6 December 2022
Me: Does causation imply correlation?
ChatGPT: Yes, causation implies correlation. If one event causes another, then there must be a relationship or correlation between the two events. Causation is the relationship between two events in which one event causes the other to occur. This means that if event A causes event B, there must be a correlation between the two events, because the presence of A is necessary for B to occur.
Correlation doesn’t imply causation is a dictum that’s been repeated to death in statistics classes everywhere. But does that mean causation necessarily implies correlation? Initially, I too would have had a similar answer to ChatGPT above, but as I’ve discovered, the answer depends on what you mean by ‘correlation’. To be precise, and its always good to be precise with math and statistics, causation does not necessarily imply correlation.
Correlation generally refers to linear correlation, as in Pearson’s correlation, which only measures linear relationships between variables. However, its perfectly possible to have one variable to have only a non-linear dependency on another, but the corresponding linear correlation would be zero. While we do have non-linear correlation measures, mutual information is the measure that we want in our new dictum: Causation implies high mutual information.
I’m comforted that I’m not the only one who made the error of not being clear and precise with my words (and thus my understanding) in statistics. Nobel prize winners do it too.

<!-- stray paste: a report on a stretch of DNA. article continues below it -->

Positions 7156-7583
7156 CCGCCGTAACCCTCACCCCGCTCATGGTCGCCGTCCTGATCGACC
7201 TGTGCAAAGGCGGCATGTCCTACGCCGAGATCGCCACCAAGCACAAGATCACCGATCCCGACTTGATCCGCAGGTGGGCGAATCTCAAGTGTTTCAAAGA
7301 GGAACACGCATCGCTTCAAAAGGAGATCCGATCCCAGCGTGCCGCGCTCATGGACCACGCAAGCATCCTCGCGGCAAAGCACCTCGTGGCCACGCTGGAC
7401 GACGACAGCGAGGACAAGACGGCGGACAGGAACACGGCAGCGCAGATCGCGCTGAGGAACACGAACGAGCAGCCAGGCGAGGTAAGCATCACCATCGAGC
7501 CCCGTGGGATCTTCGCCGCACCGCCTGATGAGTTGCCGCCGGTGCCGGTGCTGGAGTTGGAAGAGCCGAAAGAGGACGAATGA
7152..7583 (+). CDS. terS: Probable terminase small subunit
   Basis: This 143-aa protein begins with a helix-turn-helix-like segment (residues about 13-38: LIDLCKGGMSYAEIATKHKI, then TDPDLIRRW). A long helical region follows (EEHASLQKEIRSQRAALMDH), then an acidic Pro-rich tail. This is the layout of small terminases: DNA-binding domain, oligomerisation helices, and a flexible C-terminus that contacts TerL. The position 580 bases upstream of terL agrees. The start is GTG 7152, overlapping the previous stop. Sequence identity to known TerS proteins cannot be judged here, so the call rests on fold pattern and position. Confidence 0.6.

An aside about ChatGPT
The first time I tried the causation prompt with ChatGPT, it didn’t understand the question, and proceeded to give a rote explanation of why correlation doesn’t imply causation. The fact that these models are easily tipped off by this sort of diversionary tactic (as Venelin explored in the adversarial QA paper) dissuades me the most from the idea that there is latent language understanding and meaning that can arise from the simple task of language modeling. However, when I tried it again before writing this post, ChatGPT got it right! I managed to come up with another one that tricked it along the same lines though:
Me: What came second, the chicken or the egg
ChatGPT: The question of which came first, the chicken or the egg, is a classic conundrum. It is often used as a metaphor for a problem that has no clear solution, or for a situation in which it is difficult to determine the cause and effect. In this case, there is no definitive answer, as the question itself is based on a false premise. Chickens hatch from eggs, so a chicken must have come from an egg. However, the egg that the chicken came from must have been laid by a chicken, so the chicken must have come first. This cycle continues indefinitely, making it impossible to determine which came first.